Telomerase RNA (TER) is an essential component of the telomerase ribonucleoprotein complex. The mechanism for TER 3′-end processing is highly divergent among different organisms. Here we report a unique spliceosome-mediated TER 3′-end cleavage mechanism in Neurospora crassa that is distinct from that found specifically in the fission yeast Schizosaccharomyces pombe. While the S. pombe TER intron contains the canonical 5′-splice site GUAUGU, the N. crassa TER intron contains a non-canonical 5′-splice site AUAAGU that alone prevents the second step of splicing and promotes spliceosomal cleavage. The unique N. crassa TER 5′-splice site sequence is evolutionarily conserved in TERs from Pezizomycotina and early branching Taphrinomycotina species. This suggests that the widespread and basal N. crassa-type spliceosomal cleavage mechanism is more ancestral than the S. pombe-type. The discovery of a prevalent, yet distinct, spliceosomal cleavage mechanism throughout diverse fungal clades furthers our understanding of TER evolution and non-coding RNA processing.

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2015-01-01

A DNA-Directed Light-Harvesting/Reaction Center System

Description

A structurally and compositionally well-defined and spectrally tunable artificial light-harvesting system has been constructed in which multiple organic dyes attached to a three-arm-DNA nanostructure serve as an antenna conjugated to a photosynthetic reaction center isolated from Rhodobacter sphaeroides 2.4.1. The

A structurally and compositionally well-defined and spectrally tunable artificial light-harvesting system has been constructed in which multiple organic dyes attached to a three-arm-DNA nanostructure serve as an antenna conjugated to a photosynthetic reaction center isolated from Rhodobacter sphaeroides 2.4.1. The light energy absorbed by the dye molecules is transferred to the reaction center, where charge separation takes place. The average number of DNA three-arm junctions per reaction center was tuned from 0.75 to 2.35. This DNA-templated multichromophore system serves as a modular light-harvesting antenna that is capable of being optimized for its spectral properties, energy transfer efficiency, and photostability, allowing one to adjust both the size and spectrum of the resulting structures. This may serve as a useful test bed for developing nanostructured photonic systems.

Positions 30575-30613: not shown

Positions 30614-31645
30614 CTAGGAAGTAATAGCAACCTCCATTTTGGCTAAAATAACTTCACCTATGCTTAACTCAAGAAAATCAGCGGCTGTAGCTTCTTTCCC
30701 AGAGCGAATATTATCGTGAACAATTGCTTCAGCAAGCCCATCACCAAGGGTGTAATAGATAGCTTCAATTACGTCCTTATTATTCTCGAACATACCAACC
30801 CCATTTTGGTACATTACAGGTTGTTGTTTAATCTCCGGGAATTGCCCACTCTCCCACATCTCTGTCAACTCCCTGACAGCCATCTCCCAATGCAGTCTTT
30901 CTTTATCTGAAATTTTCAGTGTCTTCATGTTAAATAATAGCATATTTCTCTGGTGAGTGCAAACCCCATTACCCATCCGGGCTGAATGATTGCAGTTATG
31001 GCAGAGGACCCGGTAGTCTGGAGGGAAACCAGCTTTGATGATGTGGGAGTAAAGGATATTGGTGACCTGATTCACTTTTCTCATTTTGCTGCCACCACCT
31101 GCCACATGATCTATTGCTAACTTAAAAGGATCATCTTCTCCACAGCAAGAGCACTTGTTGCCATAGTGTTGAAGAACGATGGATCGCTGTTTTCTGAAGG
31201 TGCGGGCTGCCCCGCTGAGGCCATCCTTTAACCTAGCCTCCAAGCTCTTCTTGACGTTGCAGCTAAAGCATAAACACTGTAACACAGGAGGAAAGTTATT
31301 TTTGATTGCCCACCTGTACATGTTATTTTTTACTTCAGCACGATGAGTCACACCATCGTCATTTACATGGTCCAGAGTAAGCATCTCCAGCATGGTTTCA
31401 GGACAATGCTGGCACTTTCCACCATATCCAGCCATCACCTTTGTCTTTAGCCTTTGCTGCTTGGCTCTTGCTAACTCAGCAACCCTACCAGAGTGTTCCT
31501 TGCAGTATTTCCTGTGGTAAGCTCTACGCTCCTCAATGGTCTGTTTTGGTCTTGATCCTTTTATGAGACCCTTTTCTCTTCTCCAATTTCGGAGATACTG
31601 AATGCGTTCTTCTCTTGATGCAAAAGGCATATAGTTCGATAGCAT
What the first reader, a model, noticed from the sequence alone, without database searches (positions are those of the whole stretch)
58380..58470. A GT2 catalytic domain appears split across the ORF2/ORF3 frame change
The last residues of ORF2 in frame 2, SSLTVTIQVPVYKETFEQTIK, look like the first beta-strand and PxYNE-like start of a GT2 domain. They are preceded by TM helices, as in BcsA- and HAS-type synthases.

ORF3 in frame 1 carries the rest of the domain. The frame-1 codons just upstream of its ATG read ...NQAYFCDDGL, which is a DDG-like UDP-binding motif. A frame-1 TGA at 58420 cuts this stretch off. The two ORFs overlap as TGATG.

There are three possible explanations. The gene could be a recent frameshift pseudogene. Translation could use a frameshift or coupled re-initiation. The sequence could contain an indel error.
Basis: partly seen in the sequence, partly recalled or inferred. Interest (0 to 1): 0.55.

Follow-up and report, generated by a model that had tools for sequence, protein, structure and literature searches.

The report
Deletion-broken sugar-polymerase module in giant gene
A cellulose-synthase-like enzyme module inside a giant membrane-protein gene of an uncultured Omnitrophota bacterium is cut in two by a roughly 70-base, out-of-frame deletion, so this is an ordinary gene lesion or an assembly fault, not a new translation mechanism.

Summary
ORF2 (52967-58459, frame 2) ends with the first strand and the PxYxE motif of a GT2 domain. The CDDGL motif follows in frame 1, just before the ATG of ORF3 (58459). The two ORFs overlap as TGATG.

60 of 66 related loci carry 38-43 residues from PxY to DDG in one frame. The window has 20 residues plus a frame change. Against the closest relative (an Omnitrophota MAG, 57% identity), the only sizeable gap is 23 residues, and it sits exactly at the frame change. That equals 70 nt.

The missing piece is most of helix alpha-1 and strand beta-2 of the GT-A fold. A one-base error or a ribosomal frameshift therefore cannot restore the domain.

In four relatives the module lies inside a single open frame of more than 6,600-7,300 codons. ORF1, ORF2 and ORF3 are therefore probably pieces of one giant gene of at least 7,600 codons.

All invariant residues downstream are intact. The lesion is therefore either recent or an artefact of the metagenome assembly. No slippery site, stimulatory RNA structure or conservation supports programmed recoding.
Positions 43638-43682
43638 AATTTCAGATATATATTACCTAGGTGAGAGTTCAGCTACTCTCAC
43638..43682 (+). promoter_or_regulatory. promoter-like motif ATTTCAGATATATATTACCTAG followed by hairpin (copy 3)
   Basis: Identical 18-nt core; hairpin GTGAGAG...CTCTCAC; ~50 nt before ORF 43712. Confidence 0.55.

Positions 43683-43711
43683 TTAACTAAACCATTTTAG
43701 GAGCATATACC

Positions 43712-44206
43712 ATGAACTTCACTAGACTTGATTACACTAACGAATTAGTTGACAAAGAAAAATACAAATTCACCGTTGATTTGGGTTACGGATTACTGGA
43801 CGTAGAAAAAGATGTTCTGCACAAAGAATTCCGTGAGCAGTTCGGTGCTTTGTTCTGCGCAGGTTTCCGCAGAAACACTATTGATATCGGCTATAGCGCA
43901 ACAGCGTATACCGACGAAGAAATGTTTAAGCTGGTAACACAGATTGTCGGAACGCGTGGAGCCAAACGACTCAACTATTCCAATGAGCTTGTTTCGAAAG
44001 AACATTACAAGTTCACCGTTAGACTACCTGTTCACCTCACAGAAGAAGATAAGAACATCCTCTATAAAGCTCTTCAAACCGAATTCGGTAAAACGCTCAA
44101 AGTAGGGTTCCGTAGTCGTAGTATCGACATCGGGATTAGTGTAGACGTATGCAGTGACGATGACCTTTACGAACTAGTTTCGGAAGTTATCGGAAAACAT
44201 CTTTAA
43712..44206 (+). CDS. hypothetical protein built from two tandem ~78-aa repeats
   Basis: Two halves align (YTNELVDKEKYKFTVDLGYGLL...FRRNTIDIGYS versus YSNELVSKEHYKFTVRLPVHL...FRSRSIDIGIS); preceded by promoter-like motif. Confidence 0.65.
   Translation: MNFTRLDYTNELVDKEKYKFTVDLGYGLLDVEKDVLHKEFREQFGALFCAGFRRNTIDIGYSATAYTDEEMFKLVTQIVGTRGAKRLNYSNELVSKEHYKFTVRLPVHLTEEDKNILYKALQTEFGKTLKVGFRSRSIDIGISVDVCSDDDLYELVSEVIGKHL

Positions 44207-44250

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2014-11-26

Serial Time-Resolved Crystallography of Photosystem II Using a Femtosecond X-Ray Laser

Description

Photosynthesis, a process catalysed by plants, algae and cyanobacteria converts sunlight to energy thus sustaining all higher life on Earth. Two large membrane protein complexes, photosystem I and II (PSI and PSII), act in series to catalyse the light-driven reactions

Photosynthesis, a process catalysed by plants, algae and cyanobacteria converts sunlight to energy thus sustaining all higher life on Earth. Two large membrane protein complexes, photosystem I and II (PSI and PSII), act in series to catalyse the light-driven reactions in photosynthesis. PSII catalyses the light-driven water splitting process, which maintains the Earth’s oxygenic atmosphere. In this process, the oxygen-evolving complex (OEC) of PSII cycles through five states, S0 to S4, in which four electrons are sequentially extracted from the OEC in four light-driven charge-separation events. Here we describe time resolved experiments on PSII nano/microcrystals from Thermosynechococcus elongatus performed with the recently developed technique of serial femtosecond crystallography. Structures have been determined from PSII in the dark S1 state and after double laser excitation (putative S3 state) at 5 and 5.5 Å resolution, respectively. The results provide evidence that PSII undergoes significant conformational changes at the electron acceptor side and at the Mn4CaO5 core of the OEC. These include an elongation of the metal cluster, accompanied by changes in the protein environment, which could allow for binding of the second substrate water molecule between the more distant protruding Mn (referred to as the ‘dangler’ Mn) and the Mn3CaOx cubane in the S2 to S3 transition, as predicted by spectroscopic and computational studies. This work shows the great potential for time-resolved serial femtosecond crystallography for investigation of catalytic processes in biomolecules.